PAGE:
As part of our CEO Secrets series, which invites business leaders to share their advice, we are focusing on start-ups that have launched during lockdown, looking at different types of entrepreneur. This week, we hear from people who worked in the retail sector.
Tracey Curran, 33, started the year by landing her dream job: an assistant menswear buyer for online fashion retailer Asos.
Having previously lost her job in a similar role at Debenhams in 2019, when the department store went into administration, she felt her luck had turned.
But then in March coronavirus struck. Asos put Tracey on furlough, which lasted until June.
Tracey, who lives in Enfield, north London, has two young children, and a third on the way. Her husband was also furloughed.
She knew she was lucky to still have a job in that time and 80% of her pay, but still the experience left her feeling powerless – and restless.
Although she hadn’t been in the job at Asos for long, she had quickly come to realise that the role was all-consuming, putting a strain on family life. “You’d go to bed with your head swimming with retail figures and projected sales,” she remembers.
It occurred to her that if work was going to dominate her life, she’d rather it was her own company and vision, and began thinking about starting her own fashion label for women.
In October she took the plunge and left Asos to start her business, Sunday Archives.
The original designs come from her love of vintage clothes, inspired by old movies, fashion cuttings and her father-in-law, who she says has “some of the most amazing blazers I’ve ever seen”.
Launching a fashion start-up during lockdown has been challenging.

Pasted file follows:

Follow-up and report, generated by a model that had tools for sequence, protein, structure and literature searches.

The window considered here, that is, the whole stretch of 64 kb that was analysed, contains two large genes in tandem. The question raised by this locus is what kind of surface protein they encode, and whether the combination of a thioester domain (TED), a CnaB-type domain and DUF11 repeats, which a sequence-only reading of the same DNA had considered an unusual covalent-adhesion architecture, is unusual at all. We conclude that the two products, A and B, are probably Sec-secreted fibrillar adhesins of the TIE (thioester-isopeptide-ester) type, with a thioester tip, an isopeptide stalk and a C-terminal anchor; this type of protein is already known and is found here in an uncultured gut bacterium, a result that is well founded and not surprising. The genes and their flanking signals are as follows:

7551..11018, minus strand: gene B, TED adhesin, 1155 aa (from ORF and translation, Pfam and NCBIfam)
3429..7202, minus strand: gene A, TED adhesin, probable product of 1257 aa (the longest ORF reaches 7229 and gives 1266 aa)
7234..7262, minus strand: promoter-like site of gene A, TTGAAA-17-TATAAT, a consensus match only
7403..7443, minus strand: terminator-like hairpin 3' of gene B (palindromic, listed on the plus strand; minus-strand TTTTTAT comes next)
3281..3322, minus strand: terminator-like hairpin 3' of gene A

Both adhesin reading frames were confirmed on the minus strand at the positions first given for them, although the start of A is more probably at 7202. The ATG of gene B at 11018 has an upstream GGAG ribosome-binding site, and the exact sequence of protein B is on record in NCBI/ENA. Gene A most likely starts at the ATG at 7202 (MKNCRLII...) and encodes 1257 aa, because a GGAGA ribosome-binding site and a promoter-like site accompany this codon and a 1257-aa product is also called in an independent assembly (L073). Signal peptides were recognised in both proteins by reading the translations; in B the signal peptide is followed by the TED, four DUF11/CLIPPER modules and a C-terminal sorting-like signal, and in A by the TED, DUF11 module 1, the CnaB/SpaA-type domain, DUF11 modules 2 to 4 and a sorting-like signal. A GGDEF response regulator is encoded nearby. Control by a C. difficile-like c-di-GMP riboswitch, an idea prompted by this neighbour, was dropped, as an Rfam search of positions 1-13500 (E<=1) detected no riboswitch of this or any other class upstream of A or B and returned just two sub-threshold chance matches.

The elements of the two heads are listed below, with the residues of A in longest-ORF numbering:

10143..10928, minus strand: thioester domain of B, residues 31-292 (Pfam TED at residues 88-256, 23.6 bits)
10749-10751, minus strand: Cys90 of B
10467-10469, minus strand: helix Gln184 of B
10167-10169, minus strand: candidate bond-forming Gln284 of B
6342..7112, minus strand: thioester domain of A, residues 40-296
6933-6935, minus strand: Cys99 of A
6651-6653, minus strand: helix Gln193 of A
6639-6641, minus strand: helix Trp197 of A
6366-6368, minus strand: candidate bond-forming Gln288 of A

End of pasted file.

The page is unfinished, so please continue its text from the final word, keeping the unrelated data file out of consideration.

Normally a designer would be face-to-face with fabric suppliers when explaining their visions and would visit the factories that will make their creations, but none of this has been possible.
Nevertheless, she will unveil her first collection in February.
To pay the bills in the meantime she took a zero-hours contract at an Amazon logistics centre and tops this up with work for Deliveroo.
“I know I had a job to go back to,” says Tracey. “I’m mad, right? I know me and my family are suffering for this now, but I can see the end goal.”
She thinks running her own business will make it easier to balance family and work life in the long run.
“It’s been the most beautiful year for me, growing as a person,” says Tracey.
“You see, I’ve realised that fear is the only thing that stops you, I can’t go to my grave knowing I didn’t give it a try.”
Retail in crisis
The UK is in the midst of a “retail massacre”, according to Prof Joshua Bamfield, director of the Centre for Retail Research.
Nearly 160,000 jobs have been lost in the sector since the start of the year (140,000 of those since the first lockdown), according to his organisation.
It also calculates there have been 15,443 actual and announced store closures this year, of both chains and independents. This figure will rise significantly when the likes of Debenhams, Edinburgh Woollen Mill and Arcadia Group reveal their plans, with a further 25,000 jobs at stake.
Lisa Pilgrim and Kirby Bryant set up virtual online wine tastings
“We had zero online presence when Covid struck,” says Kirby Bryant, 34, director of the Cambridge Wine Royston shop in Hertfordshire. In the course of the pandemic that situation turned on its head.
Her shop has been a successful business for more than 15 years – but it’s always been very much a bricks-and-mortar affair that relies on good footfall, loyal customers and a steady stream of wholesale trade to pubs and restaurants.